Gearing up for 5G
What is 5G and why do we need it?
Wireless technology has come a long way since its humble beginnings, starting with analogue 1G in the early 90s, when only simple phone calls were possible between subscribers. With 2G came the ability to send text-only messages, and with the third and fourth generations (3G and 4G) we could do everything under the sun through our smartphones. Today we can download and upload rich media formats including pictures, audio and video on our mobiles, use VoIP, browse the web, send/receive email and even shop.
Mobile 5G stands for the fifth generation of cellular connectivity, which is expected to be gradually rolled out starting in 2020. We explore what 5G will bring and what its projected impact on future wireless systems is.
How does 5G work?
5G is based on the foundation created by 4G LTE, which is the fastest and most consistent type of 4G connectivity available today. With 5G, we get to keep all 4G functionality, though mobile operations are going to dramatically speed up in terms of data transfer (both uploading and downloading).
Whenever a new mobile wireless technology is introduced, it is assigned a higher radio frequency than those before it. 4G currently occupies the bands up to 20MHz, and when 5G is rolled out, it will most likely occupy even higher bands going all the way up to 40, 150 and 700MHz. In the UK, higher spectrum bands are already being allocated through auctions.
In parallel, associations of global telecom providers are working on establishing worldwide standards to govern the implementation and management of 5G. Although guidelines haven’t been agreed to and finalized yet, telco experts predict 5G will be backwards compatible with 3G and 4G and somewhat interoperable; of course, we’re yet to see how this will pan out.
What makes 5G better than 4G?
With speeds of up to 10 GB per second, 5G technology is slated to provide mobile data speeds faster than some of the most rapid home broadband networks currently in place in Europe. Present-day top 4G networks can deliver peak download speeds of 300 Mbit/second.
5G would improve wireless networks in several areas:
- 1. Quicker response time: loading times slowing you down? You won’t be dragged down by slow response times with 5G anymore as it will be as much as 100 times faster than 4G.
- 2. Faster data transfer: Ultra HD and 3D video will be like child’s play on 5G and the difference in user experience will be significant. You’ll be able to not just stream but download an entire HD movie in less than 10 seconds on 5G.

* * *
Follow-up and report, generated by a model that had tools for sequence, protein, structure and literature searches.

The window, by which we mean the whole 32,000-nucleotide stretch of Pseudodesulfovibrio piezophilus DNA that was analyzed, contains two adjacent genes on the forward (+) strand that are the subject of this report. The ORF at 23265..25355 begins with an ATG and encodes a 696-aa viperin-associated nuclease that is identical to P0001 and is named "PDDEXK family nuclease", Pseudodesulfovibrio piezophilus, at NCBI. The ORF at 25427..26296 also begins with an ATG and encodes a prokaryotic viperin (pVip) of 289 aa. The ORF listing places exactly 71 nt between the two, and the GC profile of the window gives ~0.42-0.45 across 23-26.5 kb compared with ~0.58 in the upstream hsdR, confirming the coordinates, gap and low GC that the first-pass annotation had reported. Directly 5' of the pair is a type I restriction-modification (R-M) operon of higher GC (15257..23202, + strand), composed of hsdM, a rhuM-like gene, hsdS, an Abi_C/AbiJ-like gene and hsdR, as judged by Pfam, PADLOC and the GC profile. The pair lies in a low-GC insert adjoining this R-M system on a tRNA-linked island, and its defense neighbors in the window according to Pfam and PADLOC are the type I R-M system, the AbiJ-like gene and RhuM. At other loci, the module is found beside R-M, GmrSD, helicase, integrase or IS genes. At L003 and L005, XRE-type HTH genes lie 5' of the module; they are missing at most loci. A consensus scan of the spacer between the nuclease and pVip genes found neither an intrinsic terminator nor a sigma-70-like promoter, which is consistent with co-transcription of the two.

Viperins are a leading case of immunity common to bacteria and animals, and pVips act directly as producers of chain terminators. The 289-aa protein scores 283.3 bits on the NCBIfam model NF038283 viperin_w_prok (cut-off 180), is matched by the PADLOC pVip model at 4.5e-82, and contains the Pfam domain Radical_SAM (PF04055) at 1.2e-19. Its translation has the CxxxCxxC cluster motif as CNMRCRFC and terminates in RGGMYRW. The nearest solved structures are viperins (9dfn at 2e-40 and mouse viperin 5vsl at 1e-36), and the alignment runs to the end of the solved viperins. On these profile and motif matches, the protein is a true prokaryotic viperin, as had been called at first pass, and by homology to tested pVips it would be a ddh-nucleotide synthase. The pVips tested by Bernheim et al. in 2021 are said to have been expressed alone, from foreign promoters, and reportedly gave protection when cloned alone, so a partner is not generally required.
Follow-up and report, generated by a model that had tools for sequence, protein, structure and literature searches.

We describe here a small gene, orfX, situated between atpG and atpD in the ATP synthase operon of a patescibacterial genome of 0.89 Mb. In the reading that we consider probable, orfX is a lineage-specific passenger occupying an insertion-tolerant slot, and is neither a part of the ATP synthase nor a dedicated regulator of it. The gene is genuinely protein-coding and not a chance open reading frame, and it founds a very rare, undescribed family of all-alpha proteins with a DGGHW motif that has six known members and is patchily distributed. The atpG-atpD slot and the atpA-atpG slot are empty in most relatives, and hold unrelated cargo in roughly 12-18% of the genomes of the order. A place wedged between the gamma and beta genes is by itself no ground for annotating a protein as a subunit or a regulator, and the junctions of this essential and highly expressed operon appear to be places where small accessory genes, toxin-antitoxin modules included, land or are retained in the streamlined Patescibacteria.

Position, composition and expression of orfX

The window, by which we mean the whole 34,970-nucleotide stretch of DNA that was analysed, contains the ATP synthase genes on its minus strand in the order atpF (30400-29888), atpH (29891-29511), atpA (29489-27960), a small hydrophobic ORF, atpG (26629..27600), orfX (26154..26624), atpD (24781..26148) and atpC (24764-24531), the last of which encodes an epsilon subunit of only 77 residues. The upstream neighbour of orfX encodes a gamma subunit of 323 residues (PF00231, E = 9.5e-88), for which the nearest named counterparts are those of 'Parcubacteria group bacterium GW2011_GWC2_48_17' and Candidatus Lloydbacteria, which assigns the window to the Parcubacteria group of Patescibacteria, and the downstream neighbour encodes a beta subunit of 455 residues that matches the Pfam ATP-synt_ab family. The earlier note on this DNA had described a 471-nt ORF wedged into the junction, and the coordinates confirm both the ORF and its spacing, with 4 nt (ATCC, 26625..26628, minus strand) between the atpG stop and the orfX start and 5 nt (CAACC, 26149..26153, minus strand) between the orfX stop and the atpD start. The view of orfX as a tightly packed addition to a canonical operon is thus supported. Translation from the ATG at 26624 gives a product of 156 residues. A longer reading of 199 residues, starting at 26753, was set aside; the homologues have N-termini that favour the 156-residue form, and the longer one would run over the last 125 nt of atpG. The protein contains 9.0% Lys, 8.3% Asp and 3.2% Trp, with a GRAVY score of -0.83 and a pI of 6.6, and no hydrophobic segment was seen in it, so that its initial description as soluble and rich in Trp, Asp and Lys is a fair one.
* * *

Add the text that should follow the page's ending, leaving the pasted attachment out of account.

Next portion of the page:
- 3. Higher number of connected devices: Due to its expanded frequency spectrum, 5G will allow an increasing number of connected devices to join the network, without experiencing issues in overloaded or dropped connections. Given the rate of proliferation of mobile devices globally, this will be an important consideration in the years to come.
- 4. Edge computing gets better: The faster speeds and low latency data transfers possible on 5G-connected edge devices will further propel the transition towards edge computing.
Getting ready for 5G
While 5G isn’t expected to enter cellular networks for a few more years, an increasing number of companies are now making investments in preparation for the new mobile wireless standard, which will noticeably improve our entire mobile experience, Countries like Japan, China, South Korea and the U.S. are projecting that they will be ready to launch 5G in late 2018, though, in most markets its rollout will not start before 2020.
Cellular model suppliers are all racing to launch new 5G modems, and the competition in that space is expected to pick up as we get closer to the launch of 5G. What this means for businesses and advertisers is that consumer appetite for online video and rich media will only increase further, once their cellular connectivity has been supercharged.
What about 6G?
Telecommunications experts forecast that if we get 5G right, we will not even need 6G. Up to now, mobile data technologies were built around hardware; thus, advances were slow and expensive. 5G, on the other hand, will be entirely software-driven, and software can be updated quickly and easily.
The future is looking bright and lighting fast thanks to the new model of cellular connectivity that has us impatiently looking forward to 2020 and beyond.
Copywriter: Ina Danova